Have you looked at your existing Community or the one you are considering and asked the question, “What is the INTENT of this effort?” Chances are you have, maybe you haven’t. We have some ideas of how you might think about the WHY of your effort and will try to convince you that if you are not thinking about how it contributes to creating value for your organization, then, maybe you should be rethinking your efforts.
Often people are distracted by the bright shiny new feature on a social platform. They lose track of what outcomes a community needs to bring them and instead they are only thinking about the ‘new thing’ that caught their attention. Capturing attention is important. More important is making sure that everything you do in efforts to better communicate and collaborate are intentional and driven by an informed plan.
When you have a purpose and intent, you will be successful.
We think about Community Intent with something that’s easy to remember, called the Four I’s – Interaction – Information – Insight – Initiative.
These concepts are interrelated and each one contributes to creating value for your organization. In fact, they are in a circle on purpose. As each step leads to the other and continues as long as you have a Community.
Let’s assume your intent is to create value. How could a private online community help you reach that goal?
To begin, you must understand what value means to you and your organization:
What’s important to your specific area of focus?
What are you measured on?
What is your organization measured on?
Of course, this is where your focus needs to be. This becomes the center theme in your version of the image above. (Idea: Print out the picture and write in your Creating Value statement in the center)
So, how does having a clearly defined Community Intent help you create value?
Every community activity needs to stimulate and engage your users. This is the critical first step, as without interaction, you don’t have a community. Strategies to drive interaction could fill an entire book. We’ve written about them here and here. Every audience responds differently and you need to be paying attention to what keeps them fascinated.
This is the Holy Grail for Community Managers. There’s a cliché for this, “You can lead a horse to water, but you can’t make them drink.” Unless they’re thirsty. So, what makes your audience thirsty?
The community interactions lead to the creation of a lot of information. It can be form forum posts and discussion threads. It can be photo uploads and links to resources. In the case of introNetworks it is also the amount of new information that is captured in a users profile. Spanning across four dimensions, users outline their passions, interests, professional skills, where they can help, where they need help, their experience and their aspirations.
When you aggregate all of the information from your Community in one place and give yourself time to understand it, you will naturally be ready to proceed the next step.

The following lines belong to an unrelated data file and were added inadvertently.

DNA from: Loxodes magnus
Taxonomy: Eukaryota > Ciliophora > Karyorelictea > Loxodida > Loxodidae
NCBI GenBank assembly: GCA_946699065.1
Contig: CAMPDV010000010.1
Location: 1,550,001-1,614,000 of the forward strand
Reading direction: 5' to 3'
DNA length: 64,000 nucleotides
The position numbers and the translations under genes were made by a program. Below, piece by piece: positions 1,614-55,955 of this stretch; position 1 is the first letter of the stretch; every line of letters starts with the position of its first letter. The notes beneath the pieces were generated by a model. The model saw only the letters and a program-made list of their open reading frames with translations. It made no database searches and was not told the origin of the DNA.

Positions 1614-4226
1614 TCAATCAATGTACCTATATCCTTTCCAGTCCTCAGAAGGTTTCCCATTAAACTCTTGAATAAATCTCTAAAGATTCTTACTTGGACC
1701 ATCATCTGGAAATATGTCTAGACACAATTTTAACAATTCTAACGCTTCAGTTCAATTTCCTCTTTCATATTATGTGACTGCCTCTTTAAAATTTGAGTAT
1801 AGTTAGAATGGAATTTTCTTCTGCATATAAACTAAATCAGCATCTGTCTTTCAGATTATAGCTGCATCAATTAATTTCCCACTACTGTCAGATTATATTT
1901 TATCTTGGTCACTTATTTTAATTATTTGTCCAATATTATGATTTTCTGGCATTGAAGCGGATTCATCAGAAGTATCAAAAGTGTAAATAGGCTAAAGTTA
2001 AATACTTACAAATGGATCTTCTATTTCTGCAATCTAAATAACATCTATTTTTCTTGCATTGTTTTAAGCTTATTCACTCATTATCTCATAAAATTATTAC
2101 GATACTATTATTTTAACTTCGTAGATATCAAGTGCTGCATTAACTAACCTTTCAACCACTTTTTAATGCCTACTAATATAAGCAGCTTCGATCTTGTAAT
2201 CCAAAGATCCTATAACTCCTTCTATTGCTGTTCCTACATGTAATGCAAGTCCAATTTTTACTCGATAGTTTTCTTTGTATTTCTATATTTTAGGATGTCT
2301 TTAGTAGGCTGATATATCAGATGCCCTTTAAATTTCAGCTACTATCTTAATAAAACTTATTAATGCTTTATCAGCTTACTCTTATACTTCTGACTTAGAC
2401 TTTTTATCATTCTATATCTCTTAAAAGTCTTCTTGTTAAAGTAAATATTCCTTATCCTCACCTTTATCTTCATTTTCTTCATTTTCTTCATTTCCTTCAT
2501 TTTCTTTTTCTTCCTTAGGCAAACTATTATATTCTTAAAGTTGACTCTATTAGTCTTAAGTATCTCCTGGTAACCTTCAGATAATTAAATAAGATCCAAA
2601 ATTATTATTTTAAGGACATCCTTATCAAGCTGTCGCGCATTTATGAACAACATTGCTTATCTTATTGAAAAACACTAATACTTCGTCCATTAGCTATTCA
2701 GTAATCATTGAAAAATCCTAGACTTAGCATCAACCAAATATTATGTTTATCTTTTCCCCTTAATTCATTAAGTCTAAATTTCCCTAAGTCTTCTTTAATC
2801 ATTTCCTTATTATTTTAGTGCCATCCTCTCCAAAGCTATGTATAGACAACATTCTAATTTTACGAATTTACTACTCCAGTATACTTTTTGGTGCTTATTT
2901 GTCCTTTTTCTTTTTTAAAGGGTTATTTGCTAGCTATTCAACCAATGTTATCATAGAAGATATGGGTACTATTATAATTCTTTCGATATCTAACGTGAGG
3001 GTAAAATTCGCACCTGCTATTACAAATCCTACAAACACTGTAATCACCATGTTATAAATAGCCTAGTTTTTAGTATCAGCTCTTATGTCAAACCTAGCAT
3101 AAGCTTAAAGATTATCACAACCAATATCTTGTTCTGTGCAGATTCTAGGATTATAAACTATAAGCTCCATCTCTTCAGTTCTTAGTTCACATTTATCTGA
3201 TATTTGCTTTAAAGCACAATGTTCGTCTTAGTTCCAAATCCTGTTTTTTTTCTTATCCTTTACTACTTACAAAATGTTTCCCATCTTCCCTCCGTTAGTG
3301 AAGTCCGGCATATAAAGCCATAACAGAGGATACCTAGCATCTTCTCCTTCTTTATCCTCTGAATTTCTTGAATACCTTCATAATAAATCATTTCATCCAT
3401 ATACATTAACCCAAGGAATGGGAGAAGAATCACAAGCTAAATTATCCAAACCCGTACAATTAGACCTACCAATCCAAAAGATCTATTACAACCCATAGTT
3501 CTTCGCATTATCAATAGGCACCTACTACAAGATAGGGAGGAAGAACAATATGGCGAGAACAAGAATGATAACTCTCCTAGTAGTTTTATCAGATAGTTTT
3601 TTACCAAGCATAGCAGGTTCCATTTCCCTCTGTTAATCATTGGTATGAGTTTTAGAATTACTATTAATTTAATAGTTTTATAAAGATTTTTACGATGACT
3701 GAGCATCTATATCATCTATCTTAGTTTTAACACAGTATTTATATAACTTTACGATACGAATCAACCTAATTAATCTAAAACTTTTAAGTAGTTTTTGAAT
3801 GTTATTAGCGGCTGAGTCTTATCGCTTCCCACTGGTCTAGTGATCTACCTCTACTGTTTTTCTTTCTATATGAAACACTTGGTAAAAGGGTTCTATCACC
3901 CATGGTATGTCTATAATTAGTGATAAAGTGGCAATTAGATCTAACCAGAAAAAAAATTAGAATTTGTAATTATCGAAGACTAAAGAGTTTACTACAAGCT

The information is interesting and if you are at all intellectually curious you will end up getting lost in it. The information on it’s own won’t help create value unless you take time to study it. See how you can connect the various pieces. What trends are you seeing? What skills are highly ranked, or lowest? Are there gaps in critical experience your organization needs?
This intense and purposeful focus and reflection on the information leads to breakthrough moments. Unfortunately, our experience is that most people don’t take the time to look and dig even a little bit into the information. Worse still is if your community is on a free or public site that doesn’t give you access to the raw information.
Someone has to connect the dots and it’s best if it’s you. You are the one with a vested interest in the outcome.
The insight will give you ideas to create new projects, new initiatives that would never have been attempted if you had not studying the information. Imagine learning that 30 percent of your users need help in a certain area and you have another 11 percent of your users saying that they are skilled in that exact same area. One initiative might be to pull these two groups together so they could learn from each other. Another might be to create a class or lunch-and-learn and invite the 30 percent to learn from the 11 percent.
So, do you take the initiative or does your organization create new initiatives? The answer is yes.
The possibilities are endless.
Imagine visualizing what could you do if you had 50 breakthrough insights into your audience? What initiatives could you start? What ongoing activities might you stop? What value could be created?
What interactions do you need to being that will drive engagement, that leads to new information, to deliver critical insights, so you can create more targeted and effective initiatives?
What you learn informs what you do next. Everything you do should lead to creating more value. Working with other people to co-create that value is satisfying and in itself is a reward.
Are you thinking about your community efforts with an eye towards how it creates value? If not, take a minute to consider how you might transform your organization’s efforts in this area if you thought about the Four I’s in this new light. Give us a call, we know a bit about co-creating value through community.